ETFs and Bitcoin: what you need to know
Trading

ETFs and Bitcoin: what you need to know

By Matteo Gatti - 4 Aug 2019

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Bitcoin ETFs have been talked about continuously over the past several months. There have been numerous ETFs that have been submitted to the SEC in America: ProShares, Winklevoss, VanEck-SolidX, and many others. However, there is considerable confusion among the less experienced investors, who find themselves having to deal with different types of investment: ETFs, ETNs, Futures, etc…

ETF vs ETN

ETF stands for Exchange-Traded Fund. These are listed funds that replicate the performance of an index, for example, by grouping several stocks.

In the case of bitcoin, there will be a fund that holds bitcoin and sells stocks, which can be purchased by potential customers through their account. So the idea is to accumulate a significant amount of bitcoin and turn them into tools and financial products that can be traded on the markets in a similar way to stocks.  

ETN stands for Exchange-Traded Note. The mechanism is similar to the ETF, but ETNs are riskier because they are debt securities guaranteed by the bank. If the issuer were to go bankrupt, the ETN subscribers could lose their investment. Although in many cases issuers collateralise ETNs.

Several ETF proposals

As Jake Chervinsky, a US government criminal investigation attorney, explains, the registration of an ETF follows a standard three-step procedure:

  1. The ETF is proposed by the applicant;
  2. The SEC publishes the notification of the deposit in the Federal Register;
  3. The SEC has a variable period of time to accept or reject the ETF proposal. Usually 45 days in total, but it can take up to 240 days.

Generally, the confusion within the community is due to the different ETF proposals, from those rejected to those still under consideration. Rejecting one of these products does not generally mean rejecting all the proposals as the SEC analyses each case separately.

The approval

Robert J. Jackson, one of the commissioners of the SEC (Securities and Exchange Commission), spoke about cryptocurrencies at the Future of Fintech conference explaining the reasons that can push the American entity to approve bitcoin (BTC) ETFs.

The SEC has already repeatedly delayed the decision regarding these ETFs and has also hesitated to regulate a sector which, according to Jackson, still lacks sufficient liquidity and transparency.

“Basically, we have to make choices to ensure a good product for Americans, in which they can decide to invest. As far as cryptocurrency trading is concerned, there are many aspects to consider that are fundamental today.

Hester Peirce does not think the same way, although Jackson has repeatedly pointed out that his stalling is due to the fact that there is no safeguard against the manipulation of this market, precisely because of the lack of liquidity that is characteristic of it.

The inadequate number of market makers is another fundamental problem. It is not yet clear whether prices can be guaranteed when buying or selling cryptocurrencies, all this is clearly related to the low volumes.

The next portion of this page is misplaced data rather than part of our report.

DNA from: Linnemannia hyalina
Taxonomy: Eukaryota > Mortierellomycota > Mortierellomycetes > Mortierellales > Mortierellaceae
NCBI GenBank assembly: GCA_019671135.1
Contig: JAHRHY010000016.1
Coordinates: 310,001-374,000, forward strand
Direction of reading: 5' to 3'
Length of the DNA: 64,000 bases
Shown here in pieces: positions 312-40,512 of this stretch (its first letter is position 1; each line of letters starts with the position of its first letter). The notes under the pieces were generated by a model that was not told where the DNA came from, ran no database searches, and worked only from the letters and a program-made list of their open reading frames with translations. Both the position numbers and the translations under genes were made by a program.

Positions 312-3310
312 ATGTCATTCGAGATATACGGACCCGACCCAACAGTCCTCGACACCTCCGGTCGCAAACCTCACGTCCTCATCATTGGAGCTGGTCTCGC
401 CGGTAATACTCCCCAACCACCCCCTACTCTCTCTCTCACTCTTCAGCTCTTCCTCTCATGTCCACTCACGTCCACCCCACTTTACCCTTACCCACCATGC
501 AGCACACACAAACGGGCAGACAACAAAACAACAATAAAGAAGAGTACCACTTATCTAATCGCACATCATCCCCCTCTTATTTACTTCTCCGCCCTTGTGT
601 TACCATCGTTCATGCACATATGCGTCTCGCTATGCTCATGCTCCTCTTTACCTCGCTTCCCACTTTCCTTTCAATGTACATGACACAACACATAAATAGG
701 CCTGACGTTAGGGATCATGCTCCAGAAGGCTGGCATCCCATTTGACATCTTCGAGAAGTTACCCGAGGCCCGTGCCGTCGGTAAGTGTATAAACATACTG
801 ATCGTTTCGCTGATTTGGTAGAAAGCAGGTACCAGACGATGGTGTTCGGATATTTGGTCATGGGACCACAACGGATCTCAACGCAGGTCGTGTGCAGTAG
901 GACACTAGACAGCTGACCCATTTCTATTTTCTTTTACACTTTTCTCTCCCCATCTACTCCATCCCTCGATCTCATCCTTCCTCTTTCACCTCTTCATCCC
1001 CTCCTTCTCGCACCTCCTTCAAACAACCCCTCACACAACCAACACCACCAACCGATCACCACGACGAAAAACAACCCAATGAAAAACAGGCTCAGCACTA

“When the markets reach a situation of stability, transparency and liquidity, I firmly believe that the SEC will take a positive stance by approving several cryptocurrency projects”.

Not your keys, not your bitcoin

The prospect of a bitcoin ETF or ETN shakes the crypto world a lot and this is mainly because they are much more flexible products than bitcoin futures. For example, an ETF is tradable on a daily basis. This is the reason why many people think that in the case of authorisation by the SEC the price of bitcoin could rise a lot.

However, not everyone agrees with the approval of these financial products. There are authoritative critical voices such as those of Nick Szabo and Andreas Antonopoulos.

The famous Bitcoin evangelist Andreas Antonopoulos declares himself completely against ETFs and has clearly talked about it in his regular Bitcoin Q&A videos.

He explains that large market makers can significantly influence commodity prices, not only in the market where the ETF is listed but worldwide, as is the case with the commodities market.

Not to mention the fact that the holders of the private keys are not the clients but the fund managers. Suppose there’s a hard fork with a chain split and airdrop for bitcoin owners. The beneficiaries will be the holders of the private keys, i.e. the fund managers who can decide what to do.

Antonopoulos also cites the example of a hypothetical Bitcoin upgrade that would lead to total anonymity. ETF operators could use all their decision-making power to oppose bitcoin anonymity.

The eager anticipation of the SEC’s approval is due to the fact that, as we know, this would be very positive news and would almost certainly lead to an increase in the value of BTC. Few, however, reflect on the long-term risks that would result from the approval of ETFs on the decision-making autonomy of the Bitcoin network.

 

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